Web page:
Because life is a series of edits

Archive for April, 2013|Monthly archive page

The Classical Capstone

In Arts, Calling, Education, Oklahoma City, Thought, Writers, Young Ones on April 24, 2013 at 8:35 am
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“A well-spent day brings happy sleep.”
Leonardo da Vinci

“At this I awoke and looked, and my sleep was pleasant to me.”
Jeremiah 31:26

I slept well last night, not because I was tired (I was), nor because all’s right with the world (it isn’t). I slept well last night because I had just witnessed truth, goodness, and beauty at work, and it was comforting.

Last night, I (along with four other teachers – Abby Lorenc, Alex Kelley, Josh Spears, and Todd Wedel – and four sets of super-supportive senior parents) had the privilege of hearing from our four seniors – Sarah Baskerville, Ruth Serven, Mackenzie Valentin, and Austin Clark. Each presented what we’re calling our Classical Capstone – a 25-minute speech followed by a 10-minute question and answer period, during which the student fields questions from parents and faculty advisors concerning what he or she has just presented. In addition to the presentation, students have the opportunity to create something that goes along with the topic discussed.

As the Capstone is a year-long project, Academic Dean Todd Wedel put together a 35-page booklet detailing the initiative’s requirements. Here’s the overview paragraph:

The Classical Capstone is the culmination of the Classical and Christian education at Veritas. Through the process of developing their Classical Capstones, students will be required to determine a topic of interest to themselves, formulate a driving question or concern, conduct background research, take a position, motivate the position or concern to their audience, work through drafting the Classical Capstone, publicly present the Capstone Project and answer questions from the audience, defend their project during a formal examination, and reflect up on what they have learned about the learning process, themselves, and a Christian worldview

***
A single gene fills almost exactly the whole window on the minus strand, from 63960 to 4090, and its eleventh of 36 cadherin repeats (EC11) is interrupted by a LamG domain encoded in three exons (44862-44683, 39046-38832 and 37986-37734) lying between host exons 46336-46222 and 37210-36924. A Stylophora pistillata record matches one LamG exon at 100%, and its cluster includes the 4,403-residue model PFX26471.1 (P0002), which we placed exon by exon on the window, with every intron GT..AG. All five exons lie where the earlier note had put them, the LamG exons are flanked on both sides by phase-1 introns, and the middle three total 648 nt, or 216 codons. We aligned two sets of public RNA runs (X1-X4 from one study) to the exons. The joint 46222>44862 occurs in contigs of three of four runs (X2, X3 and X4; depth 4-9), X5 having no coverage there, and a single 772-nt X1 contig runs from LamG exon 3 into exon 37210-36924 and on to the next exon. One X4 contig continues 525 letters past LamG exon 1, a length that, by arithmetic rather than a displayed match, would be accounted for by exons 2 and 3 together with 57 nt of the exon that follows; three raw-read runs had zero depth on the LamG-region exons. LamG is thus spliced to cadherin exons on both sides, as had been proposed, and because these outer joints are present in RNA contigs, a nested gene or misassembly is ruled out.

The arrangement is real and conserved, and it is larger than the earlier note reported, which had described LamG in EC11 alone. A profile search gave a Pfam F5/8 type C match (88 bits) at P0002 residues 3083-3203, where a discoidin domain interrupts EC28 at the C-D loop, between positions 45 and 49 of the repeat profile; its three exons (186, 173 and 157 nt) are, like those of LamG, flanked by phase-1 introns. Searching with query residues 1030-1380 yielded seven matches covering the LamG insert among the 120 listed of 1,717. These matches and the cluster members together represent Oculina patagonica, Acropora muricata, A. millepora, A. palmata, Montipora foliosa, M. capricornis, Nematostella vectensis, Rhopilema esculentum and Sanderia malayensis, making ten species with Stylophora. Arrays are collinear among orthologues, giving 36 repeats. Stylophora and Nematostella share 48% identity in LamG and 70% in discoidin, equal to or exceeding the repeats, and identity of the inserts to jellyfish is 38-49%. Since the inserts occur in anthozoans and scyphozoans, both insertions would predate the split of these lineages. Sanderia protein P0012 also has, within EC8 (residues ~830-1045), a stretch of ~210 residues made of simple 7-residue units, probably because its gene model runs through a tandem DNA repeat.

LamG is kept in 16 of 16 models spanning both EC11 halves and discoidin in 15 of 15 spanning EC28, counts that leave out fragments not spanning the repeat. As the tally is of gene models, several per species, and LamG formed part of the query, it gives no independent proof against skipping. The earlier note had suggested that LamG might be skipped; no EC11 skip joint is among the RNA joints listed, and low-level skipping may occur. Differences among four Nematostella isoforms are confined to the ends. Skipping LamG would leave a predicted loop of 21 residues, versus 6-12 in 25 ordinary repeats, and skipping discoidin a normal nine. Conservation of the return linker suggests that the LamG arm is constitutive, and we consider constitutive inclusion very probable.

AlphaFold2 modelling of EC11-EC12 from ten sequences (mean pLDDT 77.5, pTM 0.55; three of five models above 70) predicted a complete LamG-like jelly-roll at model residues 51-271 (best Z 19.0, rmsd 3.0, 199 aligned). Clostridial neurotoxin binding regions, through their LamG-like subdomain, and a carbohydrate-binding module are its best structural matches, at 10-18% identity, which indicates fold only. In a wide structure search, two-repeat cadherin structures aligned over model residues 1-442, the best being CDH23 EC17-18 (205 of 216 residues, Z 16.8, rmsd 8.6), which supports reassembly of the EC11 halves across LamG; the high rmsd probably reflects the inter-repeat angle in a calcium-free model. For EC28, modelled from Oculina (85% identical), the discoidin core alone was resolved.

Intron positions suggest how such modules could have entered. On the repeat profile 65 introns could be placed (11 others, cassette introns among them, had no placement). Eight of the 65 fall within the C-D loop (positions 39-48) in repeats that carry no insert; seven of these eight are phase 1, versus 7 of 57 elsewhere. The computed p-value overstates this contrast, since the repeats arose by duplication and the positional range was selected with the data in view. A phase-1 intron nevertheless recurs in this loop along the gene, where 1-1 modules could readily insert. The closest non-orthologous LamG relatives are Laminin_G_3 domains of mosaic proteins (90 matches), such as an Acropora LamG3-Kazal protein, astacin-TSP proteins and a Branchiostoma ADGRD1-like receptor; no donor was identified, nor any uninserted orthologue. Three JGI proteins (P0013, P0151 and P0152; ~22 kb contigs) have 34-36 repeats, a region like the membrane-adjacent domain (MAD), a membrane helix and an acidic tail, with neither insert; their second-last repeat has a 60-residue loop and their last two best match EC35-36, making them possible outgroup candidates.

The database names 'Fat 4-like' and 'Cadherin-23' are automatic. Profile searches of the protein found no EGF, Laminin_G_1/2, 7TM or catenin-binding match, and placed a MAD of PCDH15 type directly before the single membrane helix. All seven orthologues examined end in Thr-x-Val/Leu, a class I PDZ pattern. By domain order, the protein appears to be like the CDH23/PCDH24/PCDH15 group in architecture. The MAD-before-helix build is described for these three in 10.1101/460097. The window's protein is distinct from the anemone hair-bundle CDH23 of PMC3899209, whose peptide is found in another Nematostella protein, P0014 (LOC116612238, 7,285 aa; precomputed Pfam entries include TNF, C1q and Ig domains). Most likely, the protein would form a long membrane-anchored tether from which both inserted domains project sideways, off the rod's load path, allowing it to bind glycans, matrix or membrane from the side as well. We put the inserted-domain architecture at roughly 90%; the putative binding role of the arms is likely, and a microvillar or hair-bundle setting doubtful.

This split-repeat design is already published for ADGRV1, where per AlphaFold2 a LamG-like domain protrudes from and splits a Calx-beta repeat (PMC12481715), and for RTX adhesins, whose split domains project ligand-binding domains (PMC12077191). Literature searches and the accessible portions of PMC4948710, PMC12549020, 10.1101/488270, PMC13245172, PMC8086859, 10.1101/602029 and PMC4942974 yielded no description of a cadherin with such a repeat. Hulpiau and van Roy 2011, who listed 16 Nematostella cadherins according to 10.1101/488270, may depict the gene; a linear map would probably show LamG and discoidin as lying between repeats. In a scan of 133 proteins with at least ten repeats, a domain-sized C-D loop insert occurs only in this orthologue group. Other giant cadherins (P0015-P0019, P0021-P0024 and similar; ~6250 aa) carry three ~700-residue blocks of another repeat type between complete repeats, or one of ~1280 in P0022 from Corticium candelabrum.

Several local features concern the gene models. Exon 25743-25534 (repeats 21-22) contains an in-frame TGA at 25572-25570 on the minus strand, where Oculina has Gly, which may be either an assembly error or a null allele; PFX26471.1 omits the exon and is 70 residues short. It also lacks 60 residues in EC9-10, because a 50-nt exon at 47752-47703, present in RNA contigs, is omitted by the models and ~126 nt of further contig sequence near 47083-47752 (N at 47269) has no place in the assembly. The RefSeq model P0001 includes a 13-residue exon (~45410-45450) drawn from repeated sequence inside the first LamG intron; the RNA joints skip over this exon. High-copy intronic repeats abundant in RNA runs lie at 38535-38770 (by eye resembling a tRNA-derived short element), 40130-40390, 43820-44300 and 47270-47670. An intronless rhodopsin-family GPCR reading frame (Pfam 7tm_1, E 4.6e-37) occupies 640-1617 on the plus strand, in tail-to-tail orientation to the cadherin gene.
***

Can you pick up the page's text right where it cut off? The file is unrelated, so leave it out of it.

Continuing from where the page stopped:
through the various stages of the Classical Capstone.

The project is designed to encompass the students’ classical Christian education:

The Classical Capstone will demand that students demonstrate all the elements of a truly classical education, familiarizing themselves with the grammar of their topic or subject, determining the connections between/among viewpoints/sources/positions/expressions, and expressing their viewpoint cogently, clearly, and winsomely. The Classical Capstone will demand, as well, that the entirety of the Project is imbued with a Christian worldview, from the way students select an appropriate topic, to the way they conduct research, to the type of argument or position they formulate, to the way they express their position, to the way they respond